Dark Son promo

An industry promo for Dark Son: The Hunt for a Serial Killer is doing the rounds.

It’s a good insight into the forthcoming BBC documentary. This will be a fascinating investigation into Harold Jones’s child murders in Wales in 1921 and his potential links to the unsolved 1960s Nude Murders in west London.

As detailed elsewhere on this blog (see below), I have been involved with the filming. I was struck by the new leads and witnesses the producers have uncovered.

Who was Jack the Stripper?

Harold Jones, 15, convicted of murdering two girls

Harold Jones in prison uniform, 1921

The west London Jack the Stripper killings, as they became known, taunt us today. Between 1964 and 1965 someone murdered six women and left their naked bodies at various locations in the capital.

Because the victims were sex workers, the crimes faded from the headlines after the last murder, that of Bridie O’Hara, in February 1965. However, at the time it was Scotland Yard’s biggest ever investigation.

Suspects included a disgraced detective, underworld figures and almost anyone reported to favour unorthodox sexual practices. Police never charged anyone for the killings.

Criminology and law-enforcement experts

Neil Milkins was the first writer to cite Harold Jones as a suspect. Jones murdered two little girls – Freda Burnell and Florence Little – in Abertillery in 1921. I discovered when writing The Hunt for the 60s’ Ripper that Jones was later living in an area of Hammersmith that would have been of major interest to detectives had they had modern-day profiling techniques available to them.

Harold Jones, murderer of two girls in Abertillery

Jones as an adult

The makers of Dark Son approached the possibility of Jones’s involvement with an open mind. Enlisting criminology and law-enforcement experts, they have delved into this mystery and made some powerful connections.

Several writers have convictions that they know who did it – some of which are ludicrous. Dark Son will definitely add a wealth of new insights into these infamous crimes.

Final day shooting on Dark Son

Last Tuesday saw the conclusion of evidence being presented and filmed for Dark Son, the forthcoming BBC documentary about 1960s serial killer Jack the Stripper.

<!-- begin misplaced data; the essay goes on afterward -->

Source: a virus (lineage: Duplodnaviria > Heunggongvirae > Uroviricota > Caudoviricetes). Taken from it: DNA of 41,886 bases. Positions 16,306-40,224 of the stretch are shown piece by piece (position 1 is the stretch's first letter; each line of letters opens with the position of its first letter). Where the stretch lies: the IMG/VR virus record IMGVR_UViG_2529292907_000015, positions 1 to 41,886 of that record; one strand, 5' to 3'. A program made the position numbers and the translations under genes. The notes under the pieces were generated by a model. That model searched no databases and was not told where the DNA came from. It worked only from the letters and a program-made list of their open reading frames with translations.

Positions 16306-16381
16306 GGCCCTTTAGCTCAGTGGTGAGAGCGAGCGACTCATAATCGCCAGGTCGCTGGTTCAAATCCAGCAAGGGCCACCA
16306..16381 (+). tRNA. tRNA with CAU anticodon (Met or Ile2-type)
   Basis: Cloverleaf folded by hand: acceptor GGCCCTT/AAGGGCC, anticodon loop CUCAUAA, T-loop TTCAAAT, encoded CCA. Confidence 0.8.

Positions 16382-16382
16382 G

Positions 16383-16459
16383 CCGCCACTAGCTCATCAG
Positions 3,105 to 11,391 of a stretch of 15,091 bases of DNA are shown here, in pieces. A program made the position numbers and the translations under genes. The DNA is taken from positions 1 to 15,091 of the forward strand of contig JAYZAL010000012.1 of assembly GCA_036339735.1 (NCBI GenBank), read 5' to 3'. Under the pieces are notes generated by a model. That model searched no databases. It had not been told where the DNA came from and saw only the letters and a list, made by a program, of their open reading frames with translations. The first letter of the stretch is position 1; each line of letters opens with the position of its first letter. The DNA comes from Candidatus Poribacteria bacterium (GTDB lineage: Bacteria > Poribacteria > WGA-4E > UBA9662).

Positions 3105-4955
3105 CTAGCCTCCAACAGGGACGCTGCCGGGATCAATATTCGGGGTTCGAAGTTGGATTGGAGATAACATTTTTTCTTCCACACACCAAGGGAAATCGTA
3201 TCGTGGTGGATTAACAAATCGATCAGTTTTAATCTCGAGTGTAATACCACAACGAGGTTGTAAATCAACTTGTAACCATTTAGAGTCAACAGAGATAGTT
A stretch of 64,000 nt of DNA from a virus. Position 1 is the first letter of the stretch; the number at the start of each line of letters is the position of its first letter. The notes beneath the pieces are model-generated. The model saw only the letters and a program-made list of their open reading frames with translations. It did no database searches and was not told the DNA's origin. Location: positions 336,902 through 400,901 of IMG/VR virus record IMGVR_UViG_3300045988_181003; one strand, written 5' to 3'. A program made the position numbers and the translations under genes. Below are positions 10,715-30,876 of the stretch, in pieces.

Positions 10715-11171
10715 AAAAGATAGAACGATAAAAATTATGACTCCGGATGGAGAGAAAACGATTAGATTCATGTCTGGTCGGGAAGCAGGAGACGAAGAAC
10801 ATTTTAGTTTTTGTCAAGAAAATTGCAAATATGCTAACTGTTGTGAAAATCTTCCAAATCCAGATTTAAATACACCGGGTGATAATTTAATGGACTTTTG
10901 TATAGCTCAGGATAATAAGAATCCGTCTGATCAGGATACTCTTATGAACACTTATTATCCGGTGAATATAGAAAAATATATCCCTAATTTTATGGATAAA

It a was a big day’s filming: for me 12 hours long, but for the Monster Films’ team much longer.

I was interviewed in the morning and was later on hand for a long session of afternoon-evening filming. Fascinating research from contributors, former police officers and others was explored.

Ebenezer Baptist Hall, where Dark Son was partly filmed

It was a brilliant day. It was also a treat to be again working alongside criminologist Prof David Wilson and ex-detective Jackie Malton. David Howard (director) and Rik Hall (producer) from Monster ran the production calmly and superbly.

The venue was the Ebenezer Baptist Church Centre in Abertillery, Wales. The significance of the setting will become clear when the film is aired.

It has been in production throughout this year. I was initially involved for a chilly day’s filming in February on the Thames (two victims were found on the river foreshore).

From magazine feature to book to TV

I could not imagine how all this would unfold when I signed a contract to write The Hunt for the 60s’ Ripper in October 2016 (Mirror Books). The idea grew out of a feature I proposed for a true-crime magazine that Mirror Syndication were developing.

Abertillery, Wales

My argument was that the case – and victims – were largely forgotten today and it should be reviewed and remembered.

The magazine was eventually shelved, but I was able to develop the research I had for the article into a book. Following its publication, my research sparked further new findings about the unsolved 1960s murders of six women in west London.

The documentary team assembled high-quality experts to delve further into the case. I can’t talk about the film’s content, but anyone who thinks they know everything there is to know about the case should think again.

Dark Son is expected be broadcast in autumn 2018.